What do the Irish really think on unification?

EnglishObserver

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With regard to the Republic of Ireland:








Furthermore, it is worth noting that:



As regards Northern Ireland:



Tremendous detail - much obliged.
 


Lumpy Talbot

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No
Much rather be reunified with Bermuda, to be honest, and I suspect I'd not be alone in that.

But anyone who has ever glimpsed a map of the Island of Ireland could probably grasp the sense in ambitions to re-unify.
 

tsarbomb

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Varadkar also said we'd need a new constitution, something I was attempting to discuss elsewhere before tripping over a narrow mind. Perhaps I'll have better luck here.

Even without the context of a united Ireland the thought of replacing the constitution fills me with dread.

As an atheist I'm a second-class citizen under our constitution but I can still recognise the beauty of it.

De Valera chose well when he chose John Hearne and the others of the Constitutional Committee. Hearne in particular was an educated and erudite public servant. He had the background and training to understand the import of his duty and, more than just the the ability to discharge it, he had the old-fashioned patriotism and character to discharge it well.

He wouldn't have a hope of being involved in drafting a replacement today. As a pale, stale, male member of The Elite his sort would wouldn't fit with the need for 'inclusion', 'balance' and the need to consider people's 'lived experience'.

Rather than experts, a 21st Constitutional Committee would surely be some sort of monstrosity like the Citizen's Assembly. Some randomly chosen members from Dublin and other selected parts of the country would be joined by 'representatives of Civil Society' - the sort worthies whom recent Presidents and Taoisigh have appointed to the Council of State and the Seanad respectively. They'll all emote at a professional level but few will have the intellectual capacity or academic background for the task.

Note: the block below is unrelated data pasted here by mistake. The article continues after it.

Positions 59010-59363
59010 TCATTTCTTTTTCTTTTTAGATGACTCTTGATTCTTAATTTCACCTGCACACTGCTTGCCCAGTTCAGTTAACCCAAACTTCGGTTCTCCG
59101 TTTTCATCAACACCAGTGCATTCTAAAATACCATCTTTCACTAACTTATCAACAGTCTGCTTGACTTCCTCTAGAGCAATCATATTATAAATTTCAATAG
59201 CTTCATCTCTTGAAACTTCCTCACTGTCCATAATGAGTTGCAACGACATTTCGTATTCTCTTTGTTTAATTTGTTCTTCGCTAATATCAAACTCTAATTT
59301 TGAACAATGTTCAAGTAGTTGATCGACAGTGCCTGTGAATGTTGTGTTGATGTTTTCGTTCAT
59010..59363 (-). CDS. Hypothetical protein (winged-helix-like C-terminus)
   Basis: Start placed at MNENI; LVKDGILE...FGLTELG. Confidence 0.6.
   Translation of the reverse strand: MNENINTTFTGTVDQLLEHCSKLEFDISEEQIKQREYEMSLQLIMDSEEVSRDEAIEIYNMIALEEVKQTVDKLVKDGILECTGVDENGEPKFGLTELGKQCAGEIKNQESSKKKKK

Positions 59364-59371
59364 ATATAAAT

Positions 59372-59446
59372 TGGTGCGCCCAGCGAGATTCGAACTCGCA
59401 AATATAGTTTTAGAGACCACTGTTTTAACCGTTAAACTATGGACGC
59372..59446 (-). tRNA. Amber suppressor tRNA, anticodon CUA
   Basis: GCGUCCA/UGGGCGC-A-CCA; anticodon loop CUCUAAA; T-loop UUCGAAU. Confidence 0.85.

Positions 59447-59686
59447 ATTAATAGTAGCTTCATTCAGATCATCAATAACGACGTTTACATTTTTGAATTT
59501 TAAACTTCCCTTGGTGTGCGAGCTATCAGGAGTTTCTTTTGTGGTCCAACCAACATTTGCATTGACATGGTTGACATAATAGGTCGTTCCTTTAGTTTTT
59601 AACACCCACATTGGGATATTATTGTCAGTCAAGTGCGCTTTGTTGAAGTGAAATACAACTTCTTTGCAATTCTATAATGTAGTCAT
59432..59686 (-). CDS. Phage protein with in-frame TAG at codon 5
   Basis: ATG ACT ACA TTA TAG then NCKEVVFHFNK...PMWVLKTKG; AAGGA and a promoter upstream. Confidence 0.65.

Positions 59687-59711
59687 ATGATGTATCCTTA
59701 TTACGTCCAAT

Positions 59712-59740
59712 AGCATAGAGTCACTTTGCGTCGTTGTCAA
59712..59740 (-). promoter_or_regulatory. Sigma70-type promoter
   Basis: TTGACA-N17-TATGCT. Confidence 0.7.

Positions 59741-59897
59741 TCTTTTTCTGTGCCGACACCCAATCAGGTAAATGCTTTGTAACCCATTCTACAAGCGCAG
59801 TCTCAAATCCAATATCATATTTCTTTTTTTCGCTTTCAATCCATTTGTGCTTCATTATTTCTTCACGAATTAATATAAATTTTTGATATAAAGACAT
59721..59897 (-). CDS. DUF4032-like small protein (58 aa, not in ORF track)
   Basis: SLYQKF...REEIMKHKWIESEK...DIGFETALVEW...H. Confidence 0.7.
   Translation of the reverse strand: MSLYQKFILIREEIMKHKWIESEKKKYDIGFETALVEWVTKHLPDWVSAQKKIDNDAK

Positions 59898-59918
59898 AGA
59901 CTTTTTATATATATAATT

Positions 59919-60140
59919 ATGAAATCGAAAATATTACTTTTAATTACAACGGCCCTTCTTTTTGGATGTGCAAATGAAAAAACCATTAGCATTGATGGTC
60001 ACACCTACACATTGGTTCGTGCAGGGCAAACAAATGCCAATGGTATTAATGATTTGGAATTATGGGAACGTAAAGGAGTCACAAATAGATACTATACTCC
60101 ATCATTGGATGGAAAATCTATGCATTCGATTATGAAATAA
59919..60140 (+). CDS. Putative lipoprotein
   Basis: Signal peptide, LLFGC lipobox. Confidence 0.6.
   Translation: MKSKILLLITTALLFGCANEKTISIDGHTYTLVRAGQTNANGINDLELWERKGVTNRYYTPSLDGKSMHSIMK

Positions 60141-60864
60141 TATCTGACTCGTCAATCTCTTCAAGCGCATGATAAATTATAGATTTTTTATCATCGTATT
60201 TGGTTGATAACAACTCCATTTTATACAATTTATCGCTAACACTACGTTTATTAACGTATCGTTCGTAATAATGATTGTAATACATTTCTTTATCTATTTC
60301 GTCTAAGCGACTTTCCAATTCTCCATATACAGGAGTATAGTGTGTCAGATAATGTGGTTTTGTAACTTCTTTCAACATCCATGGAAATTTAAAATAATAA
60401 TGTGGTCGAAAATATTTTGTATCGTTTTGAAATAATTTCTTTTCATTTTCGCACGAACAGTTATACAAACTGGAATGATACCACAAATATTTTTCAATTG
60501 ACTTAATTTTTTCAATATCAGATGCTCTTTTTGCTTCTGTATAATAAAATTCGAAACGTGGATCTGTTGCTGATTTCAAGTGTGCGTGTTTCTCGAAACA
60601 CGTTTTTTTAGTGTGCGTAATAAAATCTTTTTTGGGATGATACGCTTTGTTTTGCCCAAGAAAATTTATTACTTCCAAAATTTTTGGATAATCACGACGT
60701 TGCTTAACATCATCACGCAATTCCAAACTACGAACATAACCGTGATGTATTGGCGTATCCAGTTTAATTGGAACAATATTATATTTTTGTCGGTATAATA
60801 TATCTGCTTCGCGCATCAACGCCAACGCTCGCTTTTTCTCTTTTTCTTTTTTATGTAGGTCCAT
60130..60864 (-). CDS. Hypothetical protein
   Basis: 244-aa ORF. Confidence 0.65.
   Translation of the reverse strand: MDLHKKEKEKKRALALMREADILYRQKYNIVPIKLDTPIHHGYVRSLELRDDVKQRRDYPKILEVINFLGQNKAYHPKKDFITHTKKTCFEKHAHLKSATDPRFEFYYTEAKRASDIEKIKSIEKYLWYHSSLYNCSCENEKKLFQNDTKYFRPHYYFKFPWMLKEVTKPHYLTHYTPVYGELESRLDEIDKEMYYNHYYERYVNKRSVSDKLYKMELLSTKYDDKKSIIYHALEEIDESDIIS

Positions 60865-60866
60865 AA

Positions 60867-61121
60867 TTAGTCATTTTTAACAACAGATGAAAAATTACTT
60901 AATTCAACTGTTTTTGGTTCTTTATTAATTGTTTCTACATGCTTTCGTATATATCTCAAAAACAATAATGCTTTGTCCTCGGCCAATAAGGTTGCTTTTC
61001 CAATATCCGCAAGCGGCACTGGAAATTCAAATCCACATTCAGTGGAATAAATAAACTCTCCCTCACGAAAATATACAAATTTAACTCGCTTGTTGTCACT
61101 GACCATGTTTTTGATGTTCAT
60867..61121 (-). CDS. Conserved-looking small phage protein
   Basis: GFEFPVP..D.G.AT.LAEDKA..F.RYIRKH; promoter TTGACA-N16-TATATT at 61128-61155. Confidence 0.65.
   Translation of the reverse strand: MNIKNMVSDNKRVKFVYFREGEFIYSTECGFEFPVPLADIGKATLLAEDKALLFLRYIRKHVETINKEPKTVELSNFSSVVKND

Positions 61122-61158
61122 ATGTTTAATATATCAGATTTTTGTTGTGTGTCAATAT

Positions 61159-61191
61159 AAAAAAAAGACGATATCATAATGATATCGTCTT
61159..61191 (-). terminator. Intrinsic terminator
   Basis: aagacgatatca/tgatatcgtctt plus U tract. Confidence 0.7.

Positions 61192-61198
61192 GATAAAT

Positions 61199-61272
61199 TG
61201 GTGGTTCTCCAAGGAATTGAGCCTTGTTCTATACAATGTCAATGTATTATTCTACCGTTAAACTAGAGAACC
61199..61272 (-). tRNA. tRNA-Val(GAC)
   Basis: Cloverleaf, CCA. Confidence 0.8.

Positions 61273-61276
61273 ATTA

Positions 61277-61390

After a lot of 'public consultation', and doubtless a few focus groups, they'll produce some sort of woolly-headed mish-mash of a thing that will be filled with good intentions and pious aspirations but which will, if it's adopted, cause untold misery when used to deal with real-life matters in the courts.

The only small glimmer of hope I'm willing to entertain is that it will be defeated by the combined votes of the awkward squad (who can be relied on to oppose everything) and the ever diminishing cohort of educated voters.
That's a thoughtful post.

I think you should rest easy. The current government aren't the types to write a new constitution. For all its faults, Bunreacht has held up well and it's amendable, so if we need a constitutional change to make reunification more attractive then it's not impossible.

The more I think about it Varadkar`s comment on the need for a new state is probably just scaremongering.
 

Lumpy Talbot

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No
Ah well, you know politicians and change. Every suggestion to them is impossible until it becomes probable at which point they will claim they foresaw it all along.

Nature of the beast.

What people sometimes forget about the constitution (and those who drafted it did point this out) is that it was never intended as some kind of Rosetta Stone, never to be redrafted in case existence lost all meaning. They specifically said it was their view that the aspirations and duties described in the constitution should change in line with the expressed wishes of the people.

It is supposed to be a dynamic thing, not a stationary block on change.
 


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